Driving and the Built Environment Part II

Focus Area

Land Use


Environmental Process







Research Idea Scope

Transportation Research Board’s Special Report 298: Driving and the Built Environment: The Effects of Compact Development on Motorized Travel, Energy Use, and CO2 Emissions recommended specific research on the effects of land use patterns and the form and location of more compact, mixed-use development on vehicle miles traveled (VMT), energy use, and greenhouse gas (GHG) emissions are needed to implement compact development more effectively.
The objective of the research is to provide analysis of the impact of the built environment on driving in order to assist transportation and land use policymakers in decision-making.
This research builds upon and expands from the TRB study. It includes the following key areas in which more research would be productive:

Longitudinal studies to help isolate the effects of different types of development patterns on travel behavior
Studies of how different development patterns and policies (including road pricing, parking pricing, insurance pricing, public transit quality, carsharing availability, etc.) affect travel activity as well as fuel consumption, emissions, and pollution exposure.
Studies of changes in metropolitan areas at finer levels of spatial detail to help inform the needs and opportunities for policy intervention
Careful before-and-after studies of policy interventions to promote more compact, mixed-used development to help determine what works and what does not
Studies of threshold population and employment densities to support rail and bus transit and walking and bicycling, which would update old references and help guide infrastructure investments as well as zoning and land use plans
Studies of changing housing preferences and travel patterns of an aging population, new immigrant groups, and young adults to help determine whether future trends will differ from those of the past.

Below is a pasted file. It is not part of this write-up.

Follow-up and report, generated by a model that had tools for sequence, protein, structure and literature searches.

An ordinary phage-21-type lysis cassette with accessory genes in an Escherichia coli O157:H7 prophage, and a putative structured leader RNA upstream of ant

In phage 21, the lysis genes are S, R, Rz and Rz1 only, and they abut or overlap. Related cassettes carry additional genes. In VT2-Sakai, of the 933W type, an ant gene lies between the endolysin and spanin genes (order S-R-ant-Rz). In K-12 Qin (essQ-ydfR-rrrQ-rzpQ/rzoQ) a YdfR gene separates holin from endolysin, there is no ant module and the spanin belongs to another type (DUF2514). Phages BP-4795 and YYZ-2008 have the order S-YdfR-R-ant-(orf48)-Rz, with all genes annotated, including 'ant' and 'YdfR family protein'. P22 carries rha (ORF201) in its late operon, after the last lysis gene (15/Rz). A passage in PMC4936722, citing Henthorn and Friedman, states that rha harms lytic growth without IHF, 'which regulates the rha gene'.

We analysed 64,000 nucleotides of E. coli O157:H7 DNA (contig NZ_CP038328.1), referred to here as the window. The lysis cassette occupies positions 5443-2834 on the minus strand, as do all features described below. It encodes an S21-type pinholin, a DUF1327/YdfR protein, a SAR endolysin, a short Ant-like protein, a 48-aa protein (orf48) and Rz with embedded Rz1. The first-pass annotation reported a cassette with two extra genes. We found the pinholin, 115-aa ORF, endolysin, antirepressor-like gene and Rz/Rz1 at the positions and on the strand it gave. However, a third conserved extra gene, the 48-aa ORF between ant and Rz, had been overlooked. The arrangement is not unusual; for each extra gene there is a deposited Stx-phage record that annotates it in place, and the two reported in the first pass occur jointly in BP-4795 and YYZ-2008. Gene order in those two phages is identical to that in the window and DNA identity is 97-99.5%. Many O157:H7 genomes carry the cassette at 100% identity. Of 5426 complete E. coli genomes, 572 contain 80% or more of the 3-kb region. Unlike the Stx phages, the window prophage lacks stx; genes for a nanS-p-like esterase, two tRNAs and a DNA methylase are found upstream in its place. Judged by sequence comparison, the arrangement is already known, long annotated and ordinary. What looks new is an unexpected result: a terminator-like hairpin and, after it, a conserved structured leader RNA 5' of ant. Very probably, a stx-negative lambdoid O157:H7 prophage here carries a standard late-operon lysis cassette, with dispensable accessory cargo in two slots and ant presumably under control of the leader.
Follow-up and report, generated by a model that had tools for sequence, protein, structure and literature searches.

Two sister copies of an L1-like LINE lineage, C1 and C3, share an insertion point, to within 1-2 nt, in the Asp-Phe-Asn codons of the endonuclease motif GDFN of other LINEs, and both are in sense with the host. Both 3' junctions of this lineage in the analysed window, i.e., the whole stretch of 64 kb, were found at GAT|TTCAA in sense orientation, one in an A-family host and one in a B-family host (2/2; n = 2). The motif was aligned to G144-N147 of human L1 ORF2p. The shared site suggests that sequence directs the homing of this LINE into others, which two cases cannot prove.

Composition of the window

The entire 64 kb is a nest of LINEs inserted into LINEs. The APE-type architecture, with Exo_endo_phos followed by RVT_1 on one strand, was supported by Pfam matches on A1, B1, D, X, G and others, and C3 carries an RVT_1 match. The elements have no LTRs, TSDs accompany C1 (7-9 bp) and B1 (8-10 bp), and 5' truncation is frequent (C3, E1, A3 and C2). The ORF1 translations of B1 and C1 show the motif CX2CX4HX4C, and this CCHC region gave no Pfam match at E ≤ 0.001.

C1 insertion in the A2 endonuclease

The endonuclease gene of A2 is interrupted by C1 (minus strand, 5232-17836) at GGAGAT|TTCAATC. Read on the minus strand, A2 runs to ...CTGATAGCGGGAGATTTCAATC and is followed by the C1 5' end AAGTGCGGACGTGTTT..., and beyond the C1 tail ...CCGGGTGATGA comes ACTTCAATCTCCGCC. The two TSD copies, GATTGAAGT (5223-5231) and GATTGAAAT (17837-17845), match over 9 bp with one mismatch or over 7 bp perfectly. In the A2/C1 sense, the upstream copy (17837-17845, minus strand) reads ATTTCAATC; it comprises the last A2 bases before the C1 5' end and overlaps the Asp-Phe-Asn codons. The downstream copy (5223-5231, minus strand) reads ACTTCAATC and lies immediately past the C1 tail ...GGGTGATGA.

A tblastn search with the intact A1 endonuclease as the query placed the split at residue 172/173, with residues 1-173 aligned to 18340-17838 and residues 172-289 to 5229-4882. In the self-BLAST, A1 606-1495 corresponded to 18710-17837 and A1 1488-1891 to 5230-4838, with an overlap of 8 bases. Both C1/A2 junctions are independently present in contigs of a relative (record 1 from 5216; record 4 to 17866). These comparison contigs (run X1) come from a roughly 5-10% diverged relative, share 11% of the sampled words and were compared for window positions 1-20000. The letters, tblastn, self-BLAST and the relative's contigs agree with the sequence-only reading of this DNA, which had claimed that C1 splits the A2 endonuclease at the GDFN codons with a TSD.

Develop recommendations for how the results of the above studies can be incorporated into transportation models for better assessing policy and planning decisions.
Related Work
TRB Special Report 298
See also pp.24-25 of TRB Special Report 299: A Transportation Research Program for Mitigating and Adapting to Climate Change and Conserving Energy
Urgency/PriorityDraft transportation reauthorization legislation and climate change legislation being considered in Congress would require states and metropolitan planning organizations to set transportation GHG reduction targets and develop strategies to meet these targets. Solid information on the impact of land use strategies on reducing transportation GHGs is crucial to the ability to develop these strategies.

Urgency and Payoff

States and metropolitan planning organizations could use analysis produced by the research in developing transportation plans that include GHG reduction strategies.
EffectivenessThe project would help the transportation sector reduce greenhouse gas emissions, a very important goal as transportation accounts for about a third of U.S. carbon emissions and science indicates that emissions must be reduced substantially to avoid dangerous climate change impacts.

Suggested By

RNS. Sponsoring Committee: A0020T, Special Task Force on Climate Change and Energy Source Info: Special Task Force on Climate Change and Energy January 2010 Workshop